Desert Communities Fuller Center focuses attention on veterans housing

The Desert Communities Fuller Center for Housing formed just a few months ago in Palm Springs, Calif., and became official just last week, but the new covenant partner already has identified a specific area in which it can make an immediate impact — housing for veterans.

The Federal Home Loan Bank-Atlanta offers funding up to $15,000 per house to help veterans with housing needs such as repairs, accessibility modifications and weatherization. And the Veterans Foreclosure Recovery Product provides us to $15,000 in down payment, closing costs and rehabilitation funding for the purchase and rehabilitation of an existing home from the Real Estate Owned (REO) inventory of any FHLBank Atlanta member or member’s affiliate or housing associate member.

In short, that makes the FHLBank Atlanta’s program for veterans a great fit for The Fuller Center’s Save a House/Make a Home initiative that takes unwanted vacant properties off the hands of banks and investors and then repairs them for families in need of a decent home.

“We’re talking about Save a House married to veterans,” said Desert Communities FCH President Jeff Moritz, himself an Army veteran from the Vietnam era, though he says he never made it into the country during the conflict. He and Desert Communities Vice-President Cindy Pieper are meeting over the next several days with leaders of various groups in the community who serve veterans and have expressed interest in The Fuller Center’s work. Moritz said that such groups and city officials were among those who attended a Desert Communities kickoff event last week.

“By all reports, from the feedback we’re getting, it was a rousing success,” Moritz said of the casual buffet-style gathering that attracted more than 70 people. “We had political people there, influential people there. We had major players from the two largest foundations there. All had very positive feedback and liked what we had to say.”

Many California cities are now burdened with a stockpile of vacant properties because Gov. Jerry Brown dissolved about 400 redevelopment agencies in the state to redirect about $1 billion to fill state budget gaps.

“They have all this inventory, and they’d like to get it all back on the tax rolls,” Moritz said.

On top of that, the Desert Communities area has a problem similar to many other communities across the nation: veterans living in substandard housing or homeless.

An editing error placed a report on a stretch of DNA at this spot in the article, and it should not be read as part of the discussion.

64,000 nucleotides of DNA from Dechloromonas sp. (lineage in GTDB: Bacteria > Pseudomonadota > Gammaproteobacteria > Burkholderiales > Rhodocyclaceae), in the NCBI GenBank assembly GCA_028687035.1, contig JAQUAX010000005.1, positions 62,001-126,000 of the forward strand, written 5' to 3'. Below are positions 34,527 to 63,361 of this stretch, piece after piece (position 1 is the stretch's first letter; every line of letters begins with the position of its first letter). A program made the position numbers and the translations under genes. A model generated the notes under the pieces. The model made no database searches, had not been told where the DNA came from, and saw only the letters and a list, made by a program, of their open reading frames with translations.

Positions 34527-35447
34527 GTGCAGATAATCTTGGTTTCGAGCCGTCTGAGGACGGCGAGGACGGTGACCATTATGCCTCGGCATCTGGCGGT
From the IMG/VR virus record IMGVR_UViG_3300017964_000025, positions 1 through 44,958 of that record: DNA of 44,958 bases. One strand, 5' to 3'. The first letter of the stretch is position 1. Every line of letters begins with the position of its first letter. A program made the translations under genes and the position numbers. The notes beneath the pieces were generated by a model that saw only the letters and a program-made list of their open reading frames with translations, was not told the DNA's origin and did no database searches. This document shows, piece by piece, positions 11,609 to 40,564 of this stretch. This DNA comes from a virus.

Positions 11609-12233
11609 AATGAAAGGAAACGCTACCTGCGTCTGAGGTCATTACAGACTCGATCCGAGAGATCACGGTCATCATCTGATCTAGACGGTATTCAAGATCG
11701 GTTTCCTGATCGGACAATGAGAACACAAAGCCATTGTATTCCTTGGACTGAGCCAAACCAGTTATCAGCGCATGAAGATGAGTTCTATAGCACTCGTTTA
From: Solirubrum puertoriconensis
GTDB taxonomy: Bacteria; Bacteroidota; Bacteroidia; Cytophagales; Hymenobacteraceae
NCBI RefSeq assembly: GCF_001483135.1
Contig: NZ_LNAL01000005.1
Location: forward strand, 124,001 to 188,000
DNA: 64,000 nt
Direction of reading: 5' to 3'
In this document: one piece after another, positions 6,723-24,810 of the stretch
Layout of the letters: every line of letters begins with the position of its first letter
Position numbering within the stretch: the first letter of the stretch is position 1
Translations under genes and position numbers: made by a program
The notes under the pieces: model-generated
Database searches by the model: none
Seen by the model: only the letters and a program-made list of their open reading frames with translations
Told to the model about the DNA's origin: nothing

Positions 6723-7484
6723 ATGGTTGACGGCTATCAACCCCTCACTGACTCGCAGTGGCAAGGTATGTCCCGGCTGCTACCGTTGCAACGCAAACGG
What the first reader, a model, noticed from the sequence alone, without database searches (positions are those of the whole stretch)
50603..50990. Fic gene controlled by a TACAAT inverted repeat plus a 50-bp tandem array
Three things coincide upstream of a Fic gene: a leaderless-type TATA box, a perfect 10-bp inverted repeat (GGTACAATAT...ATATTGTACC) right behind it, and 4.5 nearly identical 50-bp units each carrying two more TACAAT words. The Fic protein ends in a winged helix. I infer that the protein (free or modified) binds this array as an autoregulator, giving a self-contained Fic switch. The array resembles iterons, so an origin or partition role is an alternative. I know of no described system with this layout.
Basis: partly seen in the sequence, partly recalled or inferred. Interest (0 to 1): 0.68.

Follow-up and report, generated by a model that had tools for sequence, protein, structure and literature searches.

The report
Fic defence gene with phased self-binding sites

“There appears to be some 1,600 veterans of World War II, Korea and Vietnam who live in our territory,” Moritz said. “And a substantial portion of those 1,600 live at or near poverty level. They live in substandard housing or they don’t have enough money from their retirement, disability payments and benefits. They don’t have enough money to keep their homes up, and a lot of them live in trailers. There are somewhere north of 200 homeless veterans, and three of the cities have inventory of abandoned houses.

“So, the cities are all over it,” he added. “They’re loving it.”

Moritz and Pieper have meetings scheduled for Thursday and next week to pull together local veterans-related groups to help them identify potential candidates for their work, while also working to see if there are any REO possibilities to incorporate as Save a House projects. And they are doing so with a sense of urgency as they hope to either announce projects or, better yet, have work to do on Veterans Day weekend.

“That’s the goal,” Moritz said. “It’s a pretty aggressive goal, but it’s a goal.”

Fuller Center Director of U.S. Field Operations Kirk Lyman-Barner sees the programs directed toward veterans housing as an opportunity to not only help a segment of the population who deserves to be paid back for their service but also to showcase The Fuller Center’s expertise in repairing homes and in giving vacant houses new life. He encourages covenant partners to work with U.S. Field Operations Communications Liaison Brenda Barton, who will coordinate the training in and submission of Federal Home Loan Bank applications.

“It takes some work to qualify an applicant, and our covenant partners need to develop a relationship with a local bank that is a member of the Federal Home Loan Bank, but the opportunity is at hand for every Fuller Center team to engage and assist our military veteran families,” Lyman-Barner said. “This will create tremendous goodwill in the covenant partners’ local communities.”

Fuller Center President David Snell said that the Desert Communities team appears well-equipped to become a leader on the issue of veterans housing.

“We have too few heroes these days, so we need to take good care of the ones we’ve got,” Snell said. “Our veterans are heroes, and it’s only right that we make sure that after their service they have a decent place to call home. I’m proud of our partners in the Desert Communities for reaching out to serve the special breed of patriots.”



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